March 11, 2015
After a good night’s sleep we had a free day to wander around Çanakkale. The weather looked promising, a bit overcast but no wind or rain. So, first step: go downstairs for the hotel breakfast buffet. We were in for a treat; the spread was very extensive and also included scrambled eggs, cheese toast, and French toast. We both tried the sour cherry juice, which was quite good. However the spicy cheese balls were more like spicy wall plaster balls.
After breakfast we headed out of the hotel and walked along the waterfront to the military museum and the castle. The museum was mostly outdoors and housed numerous cannons and other hardware, mostly from the World War I era. At the dock was the famous mine-laying ship which had spoiled the British naval attack in World War I, or at least a replica of it. But there were half a dozen naval officers on board apparently waiting to greet visitors, so we felt shy and didn’t go over there. And unfortunately the castle was being renovated, so we couldn’t go in there either.
So we carried on from there, for a walk around the town. Beyond the castle the streets led us through a very rundown part of town, on our way to the Sarıçay River. One of the bridges over the river has several nice statues showing different aspects of fishing, including one statue of a woman feeding fish to some cats. Then a man came out of one of the restaurants and dumped some fish at the edge of the river, but they must have been pretty bad fish because the cats, and even the gulls, weren’t interested!
It was a bit early for lunch so we went in search of a shop selling foot cream for Rosemary. We had seen some last night, and finally we managed to re-find one of them, where we bought a Turkish brand of cream. After that we bought our usual simits and went to sit on a bench by the clock tower.
After lunch we went to buy tickets for our bus trip to İzmir tomorrow. There are several bus companies but the hotel clerk recommended Kamil Koç, so we bought tickets for their 9:30 am trip tomorrow. Business complete, we headed down to the sea front, where there were several shops selling ice cream. Paul had chocolate and Rosemary had raspberry, and both of us had white ice cream which turned out to be dondurma, a Turkish ice cream which is made from flour from the roots of wild orchids. It has a rather rubbery texture and doesn’t melt as fast as ordinary ice cream. Sitting on a bench eating our ice cream was really pleasant. We also got to watch the local fishermen bring in their catch and sort it by species into different boxes. The local feral cats also came to watch, hoping to get a tidbit.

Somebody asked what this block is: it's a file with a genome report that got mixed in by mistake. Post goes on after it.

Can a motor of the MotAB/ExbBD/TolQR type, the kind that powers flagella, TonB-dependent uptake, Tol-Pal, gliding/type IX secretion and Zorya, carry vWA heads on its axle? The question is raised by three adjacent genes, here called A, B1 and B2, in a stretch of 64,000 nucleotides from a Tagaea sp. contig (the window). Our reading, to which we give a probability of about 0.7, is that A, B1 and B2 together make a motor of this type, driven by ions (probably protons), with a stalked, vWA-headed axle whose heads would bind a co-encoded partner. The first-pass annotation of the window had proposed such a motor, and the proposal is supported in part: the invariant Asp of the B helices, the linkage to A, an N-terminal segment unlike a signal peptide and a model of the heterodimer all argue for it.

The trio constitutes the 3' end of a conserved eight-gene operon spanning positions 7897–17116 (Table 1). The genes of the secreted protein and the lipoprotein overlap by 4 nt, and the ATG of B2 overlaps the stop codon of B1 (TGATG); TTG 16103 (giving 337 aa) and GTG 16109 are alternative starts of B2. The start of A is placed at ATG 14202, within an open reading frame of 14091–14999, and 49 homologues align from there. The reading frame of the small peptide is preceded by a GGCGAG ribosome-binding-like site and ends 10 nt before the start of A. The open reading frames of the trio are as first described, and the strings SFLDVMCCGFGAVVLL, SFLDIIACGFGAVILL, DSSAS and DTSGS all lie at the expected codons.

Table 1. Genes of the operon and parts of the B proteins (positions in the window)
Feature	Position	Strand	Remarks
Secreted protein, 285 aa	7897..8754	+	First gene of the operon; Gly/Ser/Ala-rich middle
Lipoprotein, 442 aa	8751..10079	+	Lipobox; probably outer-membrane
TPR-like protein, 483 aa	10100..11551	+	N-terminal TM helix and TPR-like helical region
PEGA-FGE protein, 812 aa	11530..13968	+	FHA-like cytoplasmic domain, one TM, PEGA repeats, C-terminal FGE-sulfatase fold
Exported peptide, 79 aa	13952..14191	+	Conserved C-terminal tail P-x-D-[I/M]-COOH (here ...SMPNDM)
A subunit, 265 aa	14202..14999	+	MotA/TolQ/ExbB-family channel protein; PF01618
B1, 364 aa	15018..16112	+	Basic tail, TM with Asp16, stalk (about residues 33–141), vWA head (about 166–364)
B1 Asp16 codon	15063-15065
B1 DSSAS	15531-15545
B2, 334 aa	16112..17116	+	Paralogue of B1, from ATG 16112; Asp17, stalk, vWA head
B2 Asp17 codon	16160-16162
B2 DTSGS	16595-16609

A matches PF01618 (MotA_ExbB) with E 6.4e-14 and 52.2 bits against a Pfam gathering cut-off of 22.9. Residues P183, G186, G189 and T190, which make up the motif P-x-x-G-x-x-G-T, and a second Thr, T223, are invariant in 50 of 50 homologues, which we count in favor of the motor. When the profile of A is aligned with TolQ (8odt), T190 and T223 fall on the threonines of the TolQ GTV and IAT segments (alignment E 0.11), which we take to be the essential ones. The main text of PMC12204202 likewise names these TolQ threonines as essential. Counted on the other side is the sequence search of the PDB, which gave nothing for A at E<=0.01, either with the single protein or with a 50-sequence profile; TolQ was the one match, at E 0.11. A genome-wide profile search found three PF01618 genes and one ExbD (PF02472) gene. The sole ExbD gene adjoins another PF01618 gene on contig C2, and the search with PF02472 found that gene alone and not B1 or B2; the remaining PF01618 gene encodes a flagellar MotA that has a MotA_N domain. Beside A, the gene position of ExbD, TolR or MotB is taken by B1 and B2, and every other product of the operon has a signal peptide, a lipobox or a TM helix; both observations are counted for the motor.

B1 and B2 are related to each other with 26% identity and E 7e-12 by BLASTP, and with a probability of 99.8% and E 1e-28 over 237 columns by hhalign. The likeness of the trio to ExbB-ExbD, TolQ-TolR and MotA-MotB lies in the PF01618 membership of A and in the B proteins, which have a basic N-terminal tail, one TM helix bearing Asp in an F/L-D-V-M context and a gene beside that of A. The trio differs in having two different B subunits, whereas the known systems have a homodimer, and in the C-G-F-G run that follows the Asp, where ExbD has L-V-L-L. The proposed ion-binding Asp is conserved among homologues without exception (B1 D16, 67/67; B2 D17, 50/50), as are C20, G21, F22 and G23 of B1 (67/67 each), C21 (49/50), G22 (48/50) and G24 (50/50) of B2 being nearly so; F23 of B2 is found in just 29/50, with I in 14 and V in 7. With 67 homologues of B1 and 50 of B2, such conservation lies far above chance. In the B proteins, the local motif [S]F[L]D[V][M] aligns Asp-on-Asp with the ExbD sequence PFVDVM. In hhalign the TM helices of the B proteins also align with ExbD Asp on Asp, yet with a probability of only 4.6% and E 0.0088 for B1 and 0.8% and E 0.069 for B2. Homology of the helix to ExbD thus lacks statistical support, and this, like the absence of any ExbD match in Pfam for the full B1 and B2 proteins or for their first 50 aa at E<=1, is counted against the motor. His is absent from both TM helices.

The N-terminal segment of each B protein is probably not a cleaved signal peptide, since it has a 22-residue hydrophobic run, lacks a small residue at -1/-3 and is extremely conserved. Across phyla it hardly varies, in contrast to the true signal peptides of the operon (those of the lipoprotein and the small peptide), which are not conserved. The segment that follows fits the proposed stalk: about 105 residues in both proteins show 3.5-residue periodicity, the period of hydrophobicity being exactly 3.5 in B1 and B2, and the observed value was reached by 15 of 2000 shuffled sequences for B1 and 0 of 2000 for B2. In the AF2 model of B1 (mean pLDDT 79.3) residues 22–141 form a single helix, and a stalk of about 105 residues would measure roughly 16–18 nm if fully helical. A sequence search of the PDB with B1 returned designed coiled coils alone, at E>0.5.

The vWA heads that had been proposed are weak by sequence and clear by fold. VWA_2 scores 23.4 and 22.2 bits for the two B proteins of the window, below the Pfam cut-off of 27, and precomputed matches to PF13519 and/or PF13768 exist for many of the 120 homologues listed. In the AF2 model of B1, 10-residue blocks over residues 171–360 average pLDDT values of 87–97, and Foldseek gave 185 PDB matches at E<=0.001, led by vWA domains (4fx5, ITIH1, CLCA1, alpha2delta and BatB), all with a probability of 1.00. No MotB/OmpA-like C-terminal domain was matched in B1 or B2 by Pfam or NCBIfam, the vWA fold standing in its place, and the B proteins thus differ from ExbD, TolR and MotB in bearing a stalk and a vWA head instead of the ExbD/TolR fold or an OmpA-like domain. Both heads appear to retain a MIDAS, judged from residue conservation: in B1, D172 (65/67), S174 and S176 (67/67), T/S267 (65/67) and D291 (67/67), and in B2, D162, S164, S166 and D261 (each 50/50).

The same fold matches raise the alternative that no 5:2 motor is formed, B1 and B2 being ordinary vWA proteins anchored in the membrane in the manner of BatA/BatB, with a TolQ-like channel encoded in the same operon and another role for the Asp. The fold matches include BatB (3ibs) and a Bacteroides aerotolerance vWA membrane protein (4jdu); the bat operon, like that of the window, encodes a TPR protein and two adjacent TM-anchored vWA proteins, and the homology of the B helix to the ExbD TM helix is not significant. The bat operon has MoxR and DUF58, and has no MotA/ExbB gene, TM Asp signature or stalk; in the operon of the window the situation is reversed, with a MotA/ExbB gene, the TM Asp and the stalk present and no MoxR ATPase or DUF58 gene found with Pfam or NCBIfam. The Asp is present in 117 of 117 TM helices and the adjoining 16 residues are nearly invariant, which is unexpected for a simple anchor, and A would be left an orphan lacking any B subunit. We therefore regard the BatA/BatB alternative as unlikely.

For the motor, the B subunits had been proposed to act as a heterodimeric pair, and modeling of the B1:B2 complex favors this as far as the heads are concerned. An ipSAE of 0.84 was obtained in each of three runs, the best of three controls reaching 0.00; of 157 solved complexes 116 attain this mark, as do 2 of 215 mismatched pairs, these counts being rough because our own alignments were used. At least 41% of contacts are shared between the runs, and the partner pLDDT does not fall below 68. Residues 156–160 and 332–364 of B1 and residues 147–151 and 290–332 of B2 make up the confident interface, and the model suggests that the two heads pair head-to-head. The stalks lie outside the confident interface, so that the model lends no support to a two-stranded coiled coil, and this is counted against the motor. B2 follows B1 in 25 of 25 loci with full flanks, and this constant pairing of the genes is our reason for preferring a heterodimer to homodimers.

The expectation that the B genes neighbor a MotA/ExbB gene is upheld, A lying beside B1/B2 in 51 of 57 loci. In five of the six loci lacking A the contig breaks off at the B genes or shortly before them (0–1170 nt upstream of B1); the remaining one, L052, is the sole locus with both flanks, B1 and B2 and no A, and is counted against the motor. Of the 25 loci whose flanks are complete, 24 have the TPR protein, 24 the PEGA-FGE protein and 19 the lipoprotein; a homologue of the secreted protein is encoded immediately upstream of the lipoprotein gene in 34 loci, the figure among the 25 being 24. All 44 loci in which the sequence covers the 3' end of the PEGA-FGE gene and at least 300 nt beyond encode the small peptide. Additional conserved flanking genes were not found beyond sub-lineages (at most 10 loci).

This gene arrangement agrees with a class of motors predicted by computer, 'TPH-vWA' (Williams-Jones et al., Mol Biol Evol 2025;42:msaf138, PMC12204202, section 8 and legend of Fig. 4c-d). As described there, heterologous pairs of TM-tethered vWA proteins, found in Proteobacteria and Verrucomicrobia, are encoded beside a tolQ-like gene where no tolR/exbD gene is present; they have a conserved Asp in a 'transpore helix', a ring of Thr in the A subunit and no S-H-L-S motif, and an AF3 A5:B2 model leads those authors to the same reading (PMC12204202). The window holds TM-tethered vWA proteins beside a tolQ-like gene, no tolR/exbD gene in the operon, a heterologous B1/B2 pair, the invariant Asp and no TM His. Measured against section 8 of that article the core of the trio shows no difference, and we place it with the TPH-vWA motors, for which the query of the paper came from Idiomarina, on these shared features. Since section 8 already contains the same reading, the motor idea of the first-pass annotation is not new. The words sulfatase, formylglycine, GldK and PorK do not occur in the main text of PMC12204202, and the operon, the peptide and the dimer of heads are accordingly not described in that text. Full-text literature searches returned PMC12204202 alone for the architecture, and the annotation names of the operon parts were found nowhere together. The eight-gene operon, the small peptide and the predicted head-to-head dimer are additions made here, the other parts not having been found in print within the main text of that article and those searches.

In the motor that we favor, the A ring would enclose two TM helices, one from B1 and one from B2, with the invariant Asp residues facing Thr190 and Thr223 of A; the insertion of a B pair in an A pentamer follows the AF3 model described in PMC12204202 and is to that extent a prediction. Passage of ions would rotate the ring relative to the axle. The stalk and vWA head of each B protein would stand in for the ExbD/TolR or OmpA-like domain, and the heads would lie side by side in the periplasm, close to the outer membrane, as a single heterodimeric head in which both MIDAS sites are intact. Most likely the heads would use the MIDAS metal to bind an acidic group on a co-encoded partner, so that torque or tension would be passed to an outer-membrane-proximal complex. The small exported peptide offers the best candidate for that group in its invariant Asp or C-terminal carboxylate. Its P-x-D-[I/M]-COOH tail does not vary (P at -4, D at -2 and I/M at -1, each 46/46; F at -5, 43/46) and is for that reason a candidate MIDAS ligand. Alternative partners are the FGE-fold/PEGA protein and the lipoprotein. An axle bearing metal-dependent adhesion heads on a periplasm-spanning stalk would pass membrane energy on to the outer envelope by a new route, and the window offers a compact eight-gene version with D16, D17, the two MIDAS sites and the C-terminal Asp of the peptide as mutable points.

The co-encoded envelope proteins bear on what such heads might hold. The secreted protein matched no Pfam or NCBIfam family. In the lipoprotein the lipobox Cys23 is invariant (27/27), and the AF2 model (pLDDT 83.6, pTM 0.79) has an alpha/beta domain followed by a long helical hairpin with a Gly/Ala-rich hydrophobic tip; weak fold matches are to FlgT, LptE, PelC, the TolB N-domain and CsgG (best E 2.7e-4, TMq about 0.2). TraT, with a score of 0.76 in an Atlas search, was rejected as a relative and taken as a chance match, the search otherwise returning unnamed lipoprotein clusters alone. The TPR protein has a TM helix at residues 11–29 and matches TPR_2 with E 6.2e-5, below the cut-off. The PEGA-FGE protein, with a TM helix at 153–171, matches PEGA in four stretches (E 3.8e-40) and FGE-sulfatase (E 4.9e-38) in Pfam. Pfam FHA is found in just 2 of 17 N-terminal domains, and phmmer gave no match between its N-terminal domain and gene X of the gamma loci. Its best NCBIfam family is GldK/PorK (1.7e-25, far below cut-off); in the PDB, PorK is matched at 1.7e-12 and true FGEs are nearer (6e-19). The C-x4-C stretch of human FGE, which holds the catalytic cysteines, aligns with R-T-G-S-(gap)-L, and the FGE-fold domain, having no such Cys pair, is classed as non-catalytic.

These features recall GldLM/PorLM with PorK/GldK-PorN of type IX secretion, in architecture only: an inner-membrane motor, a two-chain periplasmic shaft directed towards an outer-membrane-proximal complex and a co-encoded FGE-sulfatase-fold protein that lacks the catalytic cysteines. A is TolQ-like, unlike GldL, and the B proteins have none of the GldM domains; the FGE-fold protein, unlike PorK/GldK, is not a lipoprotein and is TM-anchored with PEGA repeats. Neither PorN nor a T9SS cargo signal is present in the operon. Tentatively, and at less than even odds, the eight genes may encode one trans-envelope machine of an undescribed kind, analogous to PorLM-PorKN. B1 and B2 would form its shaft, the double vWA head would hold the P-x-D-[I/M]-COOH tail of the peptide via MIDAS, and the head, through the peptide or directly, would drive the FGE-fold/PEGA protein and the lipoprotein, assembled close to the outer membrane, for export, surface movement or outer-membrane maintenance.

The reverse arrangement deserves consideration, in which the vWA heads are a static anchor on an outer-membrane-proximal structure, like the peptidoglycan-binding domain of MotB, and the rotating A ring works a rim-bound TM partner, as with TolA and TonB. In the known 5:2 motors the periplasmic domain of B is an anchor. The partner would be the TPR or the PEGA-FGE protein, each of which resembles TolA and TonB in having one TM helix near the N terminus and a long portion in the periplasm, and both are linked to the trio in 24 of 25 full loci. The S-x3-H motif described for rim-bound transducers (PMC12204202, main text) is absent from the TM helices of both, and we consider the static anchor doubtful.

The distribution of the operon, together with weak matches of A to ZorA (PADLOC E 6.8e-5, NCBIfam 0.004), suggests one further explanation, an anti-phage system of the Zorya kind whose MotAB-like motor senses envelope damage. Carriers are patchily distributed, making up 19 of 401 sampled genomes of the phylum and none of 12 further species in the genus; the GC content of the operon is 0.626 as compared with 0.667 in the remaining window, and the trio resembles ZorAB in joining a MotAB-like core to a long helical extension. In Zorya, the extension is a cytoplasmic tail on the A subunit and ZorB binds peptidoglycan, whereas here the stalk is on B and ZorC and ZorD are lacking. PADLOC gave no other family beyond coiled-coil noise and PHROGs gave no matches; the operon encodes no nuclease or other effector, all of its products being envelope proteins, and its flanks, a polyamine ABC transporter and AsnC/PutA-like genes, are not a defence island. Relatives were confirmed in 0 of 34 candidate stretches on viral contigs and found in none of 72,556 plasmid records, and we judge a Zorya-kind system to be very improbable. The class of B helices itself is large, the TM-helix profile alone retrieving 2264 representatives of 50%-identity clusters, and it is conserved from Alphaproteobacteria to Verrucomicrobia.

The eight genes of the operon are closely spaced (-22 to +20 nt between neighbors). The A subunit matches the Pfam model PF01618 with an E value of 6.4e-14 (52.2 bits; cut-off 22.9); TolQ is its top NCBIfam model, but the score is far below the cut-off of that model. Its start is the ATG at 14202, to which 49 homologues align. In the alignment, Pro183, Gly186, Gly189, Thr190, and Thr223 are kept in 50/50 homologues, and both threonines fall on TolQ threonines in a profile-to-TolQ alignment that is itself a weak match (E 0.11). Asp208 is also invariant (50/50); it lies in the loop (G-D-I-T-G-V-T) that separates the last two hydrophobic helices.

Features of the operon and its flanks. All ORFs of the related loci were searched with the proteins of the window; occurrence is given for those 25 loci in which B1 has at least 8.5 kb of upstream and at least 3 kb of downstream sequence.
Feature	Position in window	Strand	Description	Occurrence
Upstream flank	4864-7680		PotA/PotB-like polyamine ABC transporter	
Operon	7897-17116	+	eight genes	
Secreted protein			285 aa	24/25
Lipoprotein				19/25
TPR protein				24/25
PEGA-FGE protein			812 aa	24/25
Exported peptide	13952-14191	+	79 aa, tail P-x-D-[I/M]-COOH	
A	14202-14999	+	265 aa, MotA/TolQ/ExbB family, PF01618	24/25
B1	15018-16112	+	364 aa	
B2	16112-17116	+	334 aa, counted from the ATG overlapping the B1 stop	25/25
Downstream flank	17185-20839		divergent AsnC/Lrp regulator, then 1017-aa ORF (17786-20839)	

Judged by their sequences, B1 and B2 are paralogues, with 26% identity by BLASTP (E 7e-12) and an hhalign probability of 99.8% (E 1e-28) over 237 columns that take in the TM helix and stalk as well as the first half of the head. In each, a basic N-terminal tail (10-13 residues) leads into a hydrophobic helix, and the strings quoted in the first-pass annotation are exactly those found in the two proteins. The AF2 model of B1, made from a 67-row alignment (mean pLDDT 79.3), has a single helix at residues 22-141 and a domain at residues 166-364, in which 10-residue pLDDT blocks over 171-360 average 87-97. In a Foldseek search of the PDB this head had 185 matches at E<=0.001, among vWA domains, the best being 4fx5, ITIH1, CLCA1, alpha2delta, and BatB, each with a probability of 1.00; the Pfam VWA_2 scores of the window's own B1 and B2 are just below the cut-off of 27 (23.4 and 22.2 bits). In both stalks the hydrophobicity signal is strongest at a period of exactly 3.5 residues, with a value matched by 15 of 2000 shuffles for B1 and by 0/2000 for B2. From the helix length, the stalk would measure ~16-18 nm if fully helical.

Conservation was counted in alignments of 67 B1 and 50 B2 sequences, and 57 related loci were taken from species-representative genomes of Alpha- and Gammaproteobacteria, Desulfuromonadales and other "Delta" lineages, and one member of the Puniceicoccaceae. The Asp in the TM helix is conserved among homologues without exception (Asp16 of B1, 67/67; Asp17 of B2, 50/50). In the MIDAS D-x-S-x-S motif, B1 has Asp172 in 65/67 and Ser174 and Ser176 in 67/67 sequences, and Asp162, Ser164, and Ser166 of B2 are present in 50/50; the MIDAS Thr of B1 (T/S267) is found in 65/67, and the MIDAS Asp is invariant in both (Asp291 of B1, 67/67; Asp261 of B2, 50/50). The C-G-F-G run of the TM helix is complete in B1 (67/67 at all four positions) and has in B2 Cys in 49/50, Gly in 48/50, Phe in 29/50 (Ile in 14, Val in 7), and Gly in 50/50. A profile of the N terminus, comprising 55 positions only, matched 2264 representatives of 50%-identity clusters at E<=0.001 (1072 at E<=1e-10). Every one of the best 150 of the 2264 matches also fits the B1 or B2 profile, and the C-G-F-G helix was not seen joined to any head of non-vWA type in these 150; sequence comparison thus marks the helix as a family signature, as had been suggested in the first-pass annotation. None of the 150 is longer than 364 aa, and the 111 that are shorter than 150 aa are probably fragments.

We still needed something to do this afternoon, so we decided to take a cruise. For the sum of ₺2 each we took the ferry to Kilitbahir, on the other side of the Dardanelles. There was another castle there, but unfortunately it too was being renovated. This is the narrowest part of the Dardanelles, so there was a military defense system on the coast here including a fort built for World War I. We walked along it past numerous bunkers which had held ammunition during the war, but beyond the empty bunkers there was nothing else to see there.
We headed back to the ferry dock just in time to catch the ferry to Çanakkale. The ferry runs every half hour until midnight, though, so we didn’t need to rush to catch it. The ride is only 10 minutes long each way, but it was a good way to spend the afternoon.
For dinner we checked out the waterfront restaurants; it was hard to decide what we wanted for dinner, so eventually we ended up with a simple solution: pizza. We still hadn’t figured out Turkish fast-food procedures, like how do you place an order and so on, but they found us a staff member with some English who sorted us out. The only really strange part was that they don’t give you a bill. Once you’re done you go up to the cashier and he magically produces the correct bill, you pay and you’re done. We had a “Hawaii” pizza which wasn’t too bad.